August 13, 2014
August 13, 2014
By JOHN FORTMEYER
Melissa and Aaron Klein — Christian bakery owners from Gresham who a state agency determined had discriminated against a same-sex couple — are now facing formal charges on the matter.
In response, the Kleins, through their legal counsel:
•counter that no discrimination took place;
•contend that the Kleins’ religious and free speech rights are being overtly violated by the state;
•argue that Brad Avakian, commissioner of the state Bureau of Labor and Industries (BOLI), which is making the charges, has repeatedly shown his personal bias against the Kleins in the case and should be disqualified from any jurisdiction in the matter;
•ask that the case be heard in a local circuit court, rather than in a BOLI hearing currently scheduled to begin Oct. 6 in Portland before BOLI Administrative Law Judge Alan McCul-lough.
The agency charges that the Kleins, operators of Sweet Cakes by Melissa bakery, in January 2013 discriminated against Rachel Cryer and Laurel Bowman-Cryer because of their sexual orientation. Specifically, the Kleins refused to bake a cake for the two women’s same-sex wedding ceremony.
The state further claims that the Kleins, in violation of state law, gave public notice that their business services could be denied to people based on their sexual orientation.
The women are asking for at least $75,000 in damages each for emotional, mental and physical suffering, as well as possible out-of-pocket expenses.
In response, the Kleins ask for dismissal of all charges and that they receive $200,000 in damages from each of the two complainants as well as legal fees.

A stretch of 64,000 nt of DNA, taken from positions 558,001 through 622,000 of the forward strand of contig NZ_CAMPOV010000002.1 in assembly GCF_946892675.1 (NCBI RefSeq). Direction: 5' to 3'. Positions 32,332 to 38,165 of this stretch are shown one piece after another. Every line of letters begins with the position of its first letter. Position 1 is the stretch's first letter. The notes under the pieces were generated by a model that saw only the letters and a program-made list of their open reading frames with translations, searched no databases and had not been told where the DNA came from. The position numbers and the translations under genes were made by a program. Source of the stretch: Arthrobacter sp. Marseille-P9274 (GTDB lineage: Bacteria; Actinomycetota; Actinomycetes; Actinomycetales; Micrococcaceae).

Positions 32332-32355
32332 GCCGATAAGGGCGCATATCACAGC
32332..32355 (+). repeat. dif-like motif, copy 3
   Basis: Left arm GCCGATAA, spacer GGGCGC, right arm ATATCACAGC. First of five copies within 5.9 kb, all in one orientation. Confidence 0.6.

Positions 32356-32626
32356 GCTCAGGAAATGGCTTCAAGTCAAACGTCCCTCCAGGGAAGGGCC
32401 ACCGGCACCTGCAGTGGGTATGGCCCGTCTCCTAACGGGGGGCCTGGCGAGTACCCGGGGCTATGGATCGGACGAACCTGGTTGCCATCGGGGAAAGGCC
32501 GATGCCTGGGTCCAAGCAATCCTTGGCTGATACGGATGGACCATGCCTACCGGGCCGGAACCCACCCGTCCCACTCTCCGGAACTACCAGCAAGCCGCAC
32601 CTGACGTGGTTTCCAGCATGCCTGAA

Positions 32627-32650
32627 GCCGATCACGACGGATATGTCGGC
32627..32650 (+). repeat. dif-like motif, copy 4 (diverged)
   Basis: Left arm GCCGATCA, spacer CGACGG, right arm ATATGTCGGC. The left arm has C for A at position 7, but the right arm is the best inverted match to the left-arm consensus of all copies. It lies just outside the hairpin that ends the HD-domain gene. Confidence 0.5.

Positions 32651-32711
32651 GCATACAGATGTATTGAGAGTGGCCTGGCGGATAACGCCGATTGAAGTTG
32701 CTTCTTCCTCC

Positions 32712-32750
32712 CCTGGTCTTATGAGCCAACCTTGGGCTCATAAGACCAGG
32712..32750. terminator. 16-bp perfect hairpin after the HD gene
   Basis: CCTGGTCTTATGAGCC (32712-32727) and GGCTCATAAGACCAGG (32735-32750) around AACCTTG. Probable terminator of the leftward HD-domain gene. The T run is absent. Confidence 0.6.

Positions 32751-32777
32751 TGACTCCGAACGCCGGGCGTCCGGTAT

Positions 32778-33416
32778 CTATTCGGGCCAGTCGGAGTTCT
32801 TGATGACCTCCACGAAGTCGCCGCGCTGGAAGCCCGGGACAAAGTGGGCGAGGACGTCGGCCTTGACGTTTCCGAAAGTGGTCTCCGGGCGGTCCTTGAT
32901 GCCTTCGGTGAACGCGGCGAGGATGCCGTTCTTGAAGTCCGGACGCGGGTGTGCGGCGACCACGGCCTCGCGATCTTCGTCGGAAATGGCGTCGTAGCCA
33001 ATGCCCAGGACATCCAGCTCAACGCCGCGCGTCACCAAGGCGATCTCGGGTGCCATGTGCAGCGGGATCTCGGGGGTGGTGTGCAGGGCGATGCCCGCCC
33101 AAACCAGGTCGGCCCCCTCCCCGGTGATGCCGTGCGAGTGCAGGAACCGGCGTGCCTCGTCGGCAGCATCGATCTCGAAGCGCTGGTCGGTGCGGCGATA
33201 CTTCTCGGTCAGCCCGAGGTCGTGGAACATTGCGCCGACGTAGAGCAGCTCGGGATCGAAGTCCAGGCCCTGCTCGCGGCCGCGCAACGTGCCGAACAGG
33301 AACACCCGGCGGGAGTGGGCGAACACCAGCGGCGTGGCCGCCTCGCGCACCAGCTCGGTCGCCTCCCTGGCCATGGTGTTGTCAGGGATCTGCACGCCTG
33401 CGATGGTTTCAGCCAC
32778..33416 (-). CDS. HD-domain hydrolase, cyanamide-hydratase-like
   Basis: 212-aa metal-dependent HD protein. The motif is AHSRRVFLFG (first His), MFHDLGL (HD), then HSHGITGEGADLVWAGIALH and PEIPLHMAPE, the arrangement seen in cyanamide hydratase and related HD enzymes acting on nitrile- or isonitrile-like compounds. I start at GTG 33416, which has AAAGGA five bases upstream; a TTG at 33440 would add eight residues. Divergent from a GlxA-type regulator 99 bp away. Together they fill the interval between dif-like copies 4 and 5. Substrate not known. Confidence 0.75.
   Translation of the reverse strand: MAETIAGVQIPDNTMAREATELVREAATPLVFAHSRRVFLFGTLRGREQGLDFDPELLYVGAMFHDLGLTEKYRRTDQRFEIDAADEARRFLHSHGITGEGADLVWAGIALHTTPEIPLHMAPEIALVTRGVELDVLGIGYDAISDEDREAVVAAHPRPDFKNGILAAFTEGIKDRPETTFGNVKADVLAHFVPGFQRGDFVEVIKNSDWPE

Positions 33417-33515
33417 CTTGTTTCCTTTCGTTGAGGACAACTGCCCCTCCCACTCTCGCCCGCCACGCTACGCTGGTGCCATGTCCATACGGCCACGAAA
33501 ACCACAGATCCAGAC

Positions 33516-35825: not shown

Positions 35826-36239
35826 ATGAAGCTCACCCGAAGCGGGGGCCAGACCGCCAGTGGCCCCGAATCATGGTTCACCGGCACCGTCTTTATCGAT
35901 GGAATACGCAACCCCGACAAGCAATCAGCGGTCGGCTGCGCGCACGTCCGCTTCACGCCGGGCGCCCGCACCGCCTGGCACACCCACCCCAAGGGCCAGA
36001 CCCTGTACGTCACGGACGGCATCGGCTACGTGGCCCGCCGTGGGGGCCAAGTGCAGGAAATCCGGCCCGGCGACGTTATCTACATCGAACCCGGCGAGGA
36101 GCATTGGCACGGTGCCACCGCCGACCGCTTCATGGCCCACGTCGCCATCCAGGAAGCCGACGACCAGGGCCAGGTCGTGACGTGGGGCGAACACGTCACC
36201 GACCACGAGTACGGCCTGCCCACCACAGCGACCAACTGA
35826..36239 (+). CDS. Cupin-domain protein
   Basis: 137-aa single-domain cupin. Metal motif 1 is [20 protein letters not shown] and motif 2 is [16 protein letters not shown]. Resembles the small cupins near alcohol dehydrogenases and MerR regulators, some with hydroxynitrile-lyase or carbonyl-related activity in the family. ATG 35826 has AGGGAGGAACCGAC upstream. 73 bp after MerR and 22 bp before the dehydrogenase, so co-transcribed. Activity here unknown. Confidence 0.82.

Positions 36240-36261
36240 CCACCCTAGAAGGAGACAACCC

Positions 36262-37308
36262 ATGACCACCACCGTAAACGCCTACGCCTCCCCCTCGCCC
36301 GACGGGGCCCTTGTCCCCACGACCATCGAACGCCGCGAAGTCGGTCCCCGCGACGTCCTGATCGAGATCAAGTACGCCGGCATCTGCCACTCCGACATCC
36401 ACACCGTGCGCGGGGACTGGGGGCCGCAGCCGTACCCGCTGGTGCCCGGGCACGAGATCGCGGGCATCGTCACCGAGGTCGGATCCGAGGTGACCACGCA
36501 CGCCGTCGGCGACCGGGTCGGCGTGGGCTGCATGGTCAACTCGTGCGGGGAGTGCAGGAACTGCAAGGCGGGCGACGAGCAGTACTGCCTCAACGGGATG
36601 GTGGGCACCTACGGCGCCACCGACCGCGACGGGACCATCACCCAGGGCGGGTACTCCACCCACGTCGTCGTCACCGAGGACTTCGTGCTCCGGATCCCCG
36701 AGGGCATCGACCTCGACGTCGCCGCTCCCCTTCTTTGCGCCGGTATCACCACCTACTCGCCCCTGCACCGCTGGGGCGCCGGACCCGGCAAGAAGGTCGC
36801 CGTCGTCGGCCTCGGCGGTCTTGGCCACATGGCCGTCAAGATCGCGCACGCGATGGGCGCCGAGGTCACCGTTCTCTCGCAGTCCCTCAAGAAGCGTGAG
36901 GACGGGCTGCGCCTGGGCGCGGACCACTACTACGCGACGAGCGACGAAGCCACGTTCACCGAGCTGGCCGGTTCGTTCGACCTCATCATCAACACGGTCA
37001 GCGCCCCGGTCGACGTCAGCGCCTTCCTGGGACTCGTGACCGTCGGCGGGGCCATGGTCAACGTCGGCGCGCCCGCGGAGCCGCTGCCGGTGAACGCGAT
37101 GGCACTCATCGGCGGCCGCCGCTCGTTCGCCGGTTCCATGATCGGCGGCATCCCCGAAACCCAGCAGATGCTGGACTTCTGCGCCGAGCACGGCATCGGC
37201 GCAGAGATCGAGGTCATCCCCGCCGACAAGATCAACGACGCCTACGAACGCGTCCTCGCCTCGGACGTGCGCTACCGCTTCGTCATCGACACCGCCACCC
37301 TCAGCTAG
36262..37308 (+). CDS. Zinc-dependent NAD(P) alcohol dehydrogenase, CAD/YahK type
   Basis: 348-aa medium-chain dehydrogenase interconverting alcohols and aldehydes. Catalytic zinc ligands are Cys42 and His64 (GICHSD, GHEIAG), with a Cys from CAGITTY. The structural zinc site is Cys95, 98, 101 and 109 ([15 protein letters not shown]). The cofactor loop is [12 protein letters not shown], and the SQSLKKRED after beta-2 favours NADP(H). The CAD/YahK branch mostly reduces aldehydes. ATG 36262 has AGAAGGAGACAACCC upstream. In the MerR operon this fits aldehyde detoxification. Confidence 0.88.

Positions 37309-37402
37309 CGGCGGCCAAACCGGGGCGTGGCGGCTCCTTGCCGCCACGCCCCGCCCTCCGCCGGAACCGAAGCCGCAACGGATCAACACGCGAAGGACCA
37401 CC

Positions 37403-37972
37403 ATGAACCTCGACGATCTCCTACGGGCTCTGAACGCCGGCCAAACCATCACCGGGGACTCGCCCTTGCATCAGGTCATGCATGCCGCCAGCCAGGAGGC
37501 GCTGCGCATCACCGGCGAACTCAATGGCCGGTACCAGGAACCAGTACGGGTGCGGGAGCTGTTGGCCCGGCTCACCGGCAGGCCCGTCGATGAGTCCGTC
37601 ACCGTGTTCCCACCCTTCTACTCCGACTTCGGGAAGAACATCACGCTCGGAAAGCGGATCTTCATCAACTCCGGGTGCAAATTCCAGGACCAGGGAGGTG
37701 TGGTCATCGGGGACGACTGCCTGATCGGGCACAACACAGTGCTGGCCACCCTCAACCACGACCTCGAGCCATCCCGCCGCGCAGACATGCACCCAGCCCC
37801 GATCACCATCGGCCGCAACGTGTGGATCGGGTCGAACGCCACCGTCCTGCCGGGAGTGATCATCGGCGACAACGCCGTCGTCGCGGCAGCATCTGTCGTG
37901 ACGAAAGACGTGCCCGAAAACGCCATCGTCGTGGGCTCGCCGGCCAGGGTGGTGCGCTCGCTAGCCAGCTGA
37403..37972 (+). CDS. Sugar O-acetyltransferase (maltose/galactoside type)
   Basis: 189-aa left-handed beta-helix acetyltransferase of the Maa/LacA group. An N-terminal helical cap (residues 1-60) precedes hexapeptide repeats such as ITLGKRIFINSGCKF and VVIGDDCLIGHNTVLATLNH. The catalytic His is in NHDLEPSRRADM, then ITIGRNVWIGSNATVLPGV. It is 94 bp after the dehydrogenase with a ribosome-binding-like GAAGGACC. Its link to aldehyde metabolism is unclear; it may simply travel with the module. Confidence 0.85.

Last January, BOLI announced that it had found substantial evidence that the Kleins had violated the civil rights of the same-sex couple in refusing to make the cake.
The Kleins, who received national attention this past year because of the controversy, have maintained that they weren’t discriminating against the women, who were customers in the past, but were practicing their Constitutional right to religious freedom.
State law says businesses may not deny services based on sexual orientation or gender identity. The law provides an exemption for religious organizations and schools, but does not allow private business owners to discriminate based on sexual orientation, just as they cannot legally deny service based on race, sex, age, disability or religion.
BOLI determined that the bakery is not a religious institution under the law and that its policy of refusing to make same-sex wedding cakes represents unlawful discrimination based on sexual orientation.
Although the Kleins early last year saw a surge in business from their supporters, it wasn’t enough to sustain their storefront operation near downtown Gresham and the bakery was moved into their home.
The Kleins also have received death threats, and pro-homosexual forces threatened to boycott any florist, wedding planners or other vendors that did business with the bakery.
Herbert Grey of Beaverton, an attorney for the Kleins, submitted extensive documentation of e-mails, Facebook postings and public statements by Avakian on the Kleins’ case, as well as on gay-rights issues in general, that Grey claims show Avakian has shown his bias in the matter both in the labor commissioner’s post and as a candidate last year for re-election.
Grey also notes that at the time of the alleged discrimination, same-sex marriage was still illegal in Oregon.
“The state has a conflict when it simultaneously prohibited sexual orientation discrimination by statute, while construtionally declining to recognize same-sex marriage,” he wrote.
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